Wait command in Linux explained with examples

Wait command is handy when it comes to managing an automation workflow. It can help you to set the flow correctly so that the automation is successful. Syntax: wait [Processid] [jobid]

The wait command comes built-in with Linux; hence you can find it in any of the Linux distros. It is used to wait before a running process is completed. To make it work, you need to use it with a job id or a process id.

In a nutshell, the wait command with a given job ID or process ID will wait for the process to complete and return their termination status.

Wait command is handy when it comes to managing an automation workflow. It can help you to set the flow correctly so that the automation is successful. For instance, your automation process requires a particular module to finish execution before the next module can take effect. The wait command lets you do it.

Working of the wait command

The command will monitor the previous process. Once the previous process returns a status, it will then send an exit status. So, if you are waiting for a process with ID 25351 to complete, the wait command will wait for its completion before submitting the exit status. The return message will contain the process exit status.

General Syntax:

wait [Processid] [jobid]
  • Process ID –> If you use process ID (wait PID), then it will wait for the utility termination
  • Job ID –> In this case, it will wait for the background process that you have selected. It only works in the current shell execution environment.

The exit command is set to exceed a value of greater than 128 if the process terminates abruptly. So, if you see any amount higher than 128, this means that the process didn’t work as intended.

The success exit status is set to 0. It only happens if the process successfully terminates with no child process running in the current shell. However, if you do not receive 0 as exit status, then it means that there is some error. It is notified with the value anywhere from 1 to 126. Also, if you get an exit status of 127, that means the process id is unknown.

Practical Examples

To get a better understanding, let’s go through some of the practical examples below.

Wait command with multiple processes

In this example, we will see how the wait command works with various processes. We will create a script where we run two commands and then wait for them.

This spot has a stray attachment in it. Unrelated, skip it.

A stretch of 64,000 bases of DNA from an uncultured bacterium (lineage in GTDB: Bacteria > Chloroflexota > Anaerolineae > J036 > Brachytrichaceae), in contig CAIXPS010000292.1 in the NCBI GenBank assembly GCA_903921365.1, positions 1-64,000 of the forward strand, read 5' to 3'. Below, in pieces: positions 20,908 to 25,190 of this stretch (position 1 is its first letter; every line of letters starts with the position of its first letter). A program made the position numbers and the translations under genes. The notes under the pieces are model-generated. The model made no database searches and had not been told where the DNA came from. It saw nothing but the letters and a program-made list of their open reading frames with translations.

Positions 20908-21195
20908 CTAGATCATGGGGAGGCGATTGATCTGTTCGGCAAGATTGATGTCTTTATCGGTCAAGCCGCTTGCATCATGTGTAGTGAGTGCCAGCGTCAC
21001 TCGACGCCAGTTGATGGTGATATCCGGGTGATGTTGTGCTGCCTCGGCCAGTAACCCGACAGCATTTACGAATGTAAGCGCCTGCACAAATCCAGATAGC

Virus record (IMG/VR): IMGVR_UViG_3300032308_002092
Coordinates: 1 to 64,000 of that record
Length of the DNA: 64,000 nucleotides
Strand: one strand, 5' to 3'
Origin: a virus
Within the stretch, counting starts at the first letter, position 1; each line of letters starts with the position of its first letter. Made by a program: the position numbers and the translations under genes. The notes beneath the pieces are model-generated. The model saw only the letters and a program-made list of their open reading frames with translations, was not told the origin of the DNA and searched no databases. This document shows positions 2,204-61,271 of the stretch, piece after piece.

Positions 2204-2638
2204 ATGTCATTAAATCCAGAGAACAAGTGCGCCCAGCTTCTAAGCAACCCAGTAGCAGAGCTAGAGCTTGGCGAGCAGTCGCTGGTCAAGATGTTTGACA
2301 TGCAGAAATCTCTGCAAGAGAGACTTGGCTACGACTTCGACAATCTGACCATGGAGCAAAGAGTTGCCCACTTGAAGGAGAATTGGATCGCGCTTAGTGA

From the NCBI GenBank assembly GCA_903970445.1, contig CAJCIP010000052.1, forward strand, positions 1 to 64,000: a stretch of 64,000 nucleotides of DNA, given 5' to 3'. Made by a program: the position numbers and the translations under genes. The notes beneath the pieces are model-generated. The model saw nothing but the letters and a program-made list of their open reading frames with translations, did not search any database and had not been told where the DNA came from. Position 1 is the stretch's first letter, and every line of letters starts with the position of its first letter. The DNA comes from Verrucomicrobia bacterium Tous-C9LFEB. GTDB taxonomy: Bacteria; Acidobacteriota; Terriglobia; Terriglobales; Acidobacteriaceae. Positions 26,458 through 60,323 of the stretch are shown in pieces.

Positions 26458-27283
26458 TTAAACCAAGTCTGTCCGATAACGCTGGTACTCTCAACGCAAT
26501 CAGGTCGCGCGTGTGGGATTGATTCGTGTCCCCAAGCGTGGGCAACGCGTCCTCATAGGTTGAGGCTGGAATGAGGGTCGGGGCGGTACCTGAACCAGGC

We name the script multiple.sh. Below is the code for it.

#!/bin/bash
echo "testing the wait command instance 1" &
process_id=$!
echo "testing the wait command instance 2" &
wait $process_id
echo Job 1 is completed and exited with status $?
echo Job 2 is completed and existed with status $?

wait-command-multiple
Testing wait command with multiple processes

The above is also an example of a script with the wait command. Also, it returns the status. To get a better understanding, let’s go through the script line by line. In the first line, we import the bash that we are going to use to run the script.

Next, we will echo to the shell that we are testing the wait command. We store the process id of the first process in the $process_id variable. Now, we wait for the first process to get executed. Once it is done, then it will output that the first process is completed and also output the status with the “$?”

Also, you can see that the second wait command is used with “$!”. This means that we use the second process id with the wait command.

In the end, both the processes are executed entirely and returned an exit status of 0.

Killing a process and using wait command

In the second example, we will kill a process and then use the wait command. Let’s name our script, killandwait.sh.

#! /bin/bash
echo "Killing process and using wait command"
sleep 10 &
procc_id=$!
kill $procc_id
wait $procc_id
echo $procc_id is terminate

If you run the above script, you will get the following output:

kill-and-wait
We kill a process and then use wait command on it

As you can see, that exit status is different and reads as the process is terminated. This example shows you how the command returns different exit status depending on the fate of the process.

Checking the exit status value

In the last example, we will go through a script that uses the check() function. The check() function takes two arguments. Let’s call our script waitandcheck.sh.

Here we define a function:

function check()
{
echo "Let's sleep for $1 seconds"
sleep $1
exit $2
}

As you can, this function first echos on how long the first process will sleep and then use those to sleep and exit the process. We take input using the lines below:

check $1 $2 &
b=$!
echo "checking the status"
wait $b && echo FINE || echo NOT FINE

In the above lines, we take the input from the user and then output the status using the wait command.

wait-and-check
Running the script with two inputs, 10 and 3

ok-status-wait-and-check
Running the script with two inputs, 5 and 0

Conclusion

That’s all about the wait command usage in Linux. As you have experienced, it can be put to a nice use in automation workflow. How do you use the command? Did you find additional uses than covered in this article? Do share your thoughts with our readers.

Divya Kiran Kumar
I'm Editor of FOSS Linux. I worked as a Software Engineer, before taking up blogging as my full-time job. I enjoy using Linux, and can't imagine anything else for my PC. Apart from writing for FOSS Linux, I enjoy reading non-fictional books. Sapiens was my favorite last read. Hope you enjoy reading and using this blog to enhance your Linux experience! Have a great day ahead!

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